Bridge of the Gods (modern structure)

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Bridge of the Gods
Crosses Columbia River
Locale Cascade Locks, Oregon / Skamania County, Washington
Maintained by Port of Cascade Locks
Design Cantilever through truss
Total length 1,856 ft (565 m)
Longest span 706 ft (215 m)
Clearance below 140 feet (43 m)[1]
Opened 1926
Coordinates 45°39′45″N 121°54′05″W / 45.662424°N 121.901276°W / 45.662424; -121.901276 (Bridge of the Gods)Coordinates: 45°39′45″N 121°54′05″W / 45.662424°N 121.901276°W / 45.662424; -121.901276 (Bridge of the Gods)
Bridge of the Gods (modern structure) is located in Oregon
Bridge of the Gods (modern structure)

The Bridge of the Gods is a steel truss cantilever bridge that spans the Columbia River between Cascade Locks, Oregon and Washington state near North Bonneville. It is approximately 40 miles (64 kilometers) east of Portland, Oregon and 4 miles (6.4 km) upriver from the Bonneville Dam. It currently serves as a toll bridge operated by the Port of Cascade Locks.

In 1920, the US War Department issued a construction permit for the bridge to the Interstate Construction Corporation. By 1925, the company had managed only to construct one pier. The Wauna Toll Bridge Company of Walla Walla, Washington purchased Interstate’s interest in the bridge in October 1926 at a cost of $602,077.[2]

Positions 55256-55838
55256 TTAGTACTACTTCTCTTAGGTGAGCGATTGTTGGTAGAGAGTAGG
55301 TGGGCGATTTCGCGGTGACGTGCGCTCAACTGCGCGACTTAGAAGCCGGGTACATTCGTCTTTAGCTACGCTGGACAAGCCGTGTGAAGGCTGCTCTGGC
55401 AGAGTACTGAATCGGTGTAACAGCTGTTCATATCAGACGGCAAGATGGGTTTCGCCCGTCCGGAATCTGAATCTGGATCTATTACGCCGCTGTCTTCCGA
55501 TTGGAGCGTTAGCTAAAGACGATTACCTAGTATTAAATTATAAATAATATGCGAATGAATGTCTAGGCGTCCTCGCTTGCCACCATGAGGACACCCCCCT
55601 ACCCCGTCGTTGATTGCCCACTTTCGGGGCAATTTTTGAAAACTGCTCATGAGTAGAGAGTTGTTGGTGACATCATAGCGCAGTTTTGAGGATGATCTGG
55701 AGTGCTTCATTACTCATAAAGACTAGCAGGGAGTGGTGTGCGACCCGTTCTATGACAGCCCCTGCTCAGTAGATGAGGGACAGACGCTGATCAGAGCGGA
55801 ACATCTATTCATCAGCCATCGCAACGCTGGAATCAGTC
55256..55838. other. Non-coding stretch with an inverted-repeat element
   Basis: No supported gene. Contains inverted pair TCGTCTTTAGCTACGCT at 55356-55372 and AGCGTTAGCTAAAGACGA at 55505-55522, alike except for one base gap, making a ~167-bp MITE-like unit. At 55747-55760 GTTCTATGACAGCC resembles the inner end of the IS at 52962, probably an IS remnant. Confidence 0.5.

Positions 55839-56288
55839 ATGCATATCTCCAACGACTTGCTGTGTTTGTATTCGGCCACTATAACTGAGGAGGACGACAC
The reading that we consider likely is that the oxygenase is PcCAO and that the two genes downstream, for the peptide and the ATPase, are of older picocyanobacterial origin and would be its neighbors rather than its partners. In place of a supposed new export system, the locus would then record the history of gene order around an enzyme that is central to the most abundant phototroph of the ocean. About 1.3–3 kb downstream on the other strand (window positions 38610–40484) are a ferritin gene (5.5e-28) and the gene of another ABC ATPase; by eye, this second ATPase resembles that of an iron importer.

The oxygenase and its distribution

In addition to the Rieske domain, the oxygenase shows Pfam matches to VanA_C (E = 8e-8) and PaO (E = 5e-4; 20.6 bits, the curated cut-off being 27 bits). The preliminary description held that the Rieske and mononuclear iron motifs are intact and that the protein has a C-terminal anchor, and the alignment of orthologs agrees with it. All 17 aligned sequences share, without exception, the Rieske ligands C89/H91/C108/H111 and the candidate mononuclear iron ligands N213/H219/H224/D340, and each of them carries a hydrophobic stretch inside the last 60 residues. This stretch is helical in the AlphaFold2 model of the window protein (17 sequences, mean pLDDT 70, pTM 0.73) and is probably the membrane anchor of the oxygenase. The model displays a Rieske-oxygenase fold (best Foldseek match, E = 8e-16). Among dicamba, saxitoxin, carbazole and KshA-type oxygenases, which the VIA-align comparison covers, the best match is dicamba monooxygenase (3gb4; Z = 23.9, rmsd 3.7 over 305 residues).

The bridge was completed by Wauna Toll Bridge Company and opened in 1926 at a length of 1,127 feet (343 m). The higher river levels resulting from the construction of the Bonneville Dam required the bridge to be further elevated in 1940 and extended to its current length of 1,856 feet (565 m). The Columbia River Bridge Company of Spokane, Washington acquired ownership of the bridge in 1953 for $735,000.[3] The Port of Cascade Locks Commission purchased the bridge with $950,000 in revenue bonds, issued on November 1, 1961,[4] and is the current operator of the bridge.

Bridge of the Gods

The bridge is named after the historic geologic feature also known as Bridge of the Gods.

The Pacific Crest Trail crosses the Columbia River on the Bridge of the Gods and the lowest elevation of the trail is on this bridge.

Charles Lindbergh and the Spirit of St. Louis[edit]

In September 1927, following Charles Lindbergh's trans-Atlantic flight in May, Colonel Lindbergh himself flew up the gorge from Portland in his famous Spirit of St. Louis, passing low over the new Bridge of the Gods, banked his plane and in a dramatic show of barnstorming, flew under the bridge and headed back to Swan Island.[5]

See also[edit]


  1. ^ "Bridge of the Gods". Port of Cascade Locks. Retrieved Aug 26, 2013. 
  2. ^ "Bridge of the Gods". Port of Cascade Locks. Retrieved Aug 26, 2013. 
  3. ^ "Bridge of Gods changes hands". The Spokesman-Review. Feb 19, 1953. Retrieved Aug 26, 2013. 
  4. ^ "Bridge of the Gods". Port of Cascade Locks. Retrieved Aug 26, 2013. 

External links[edit]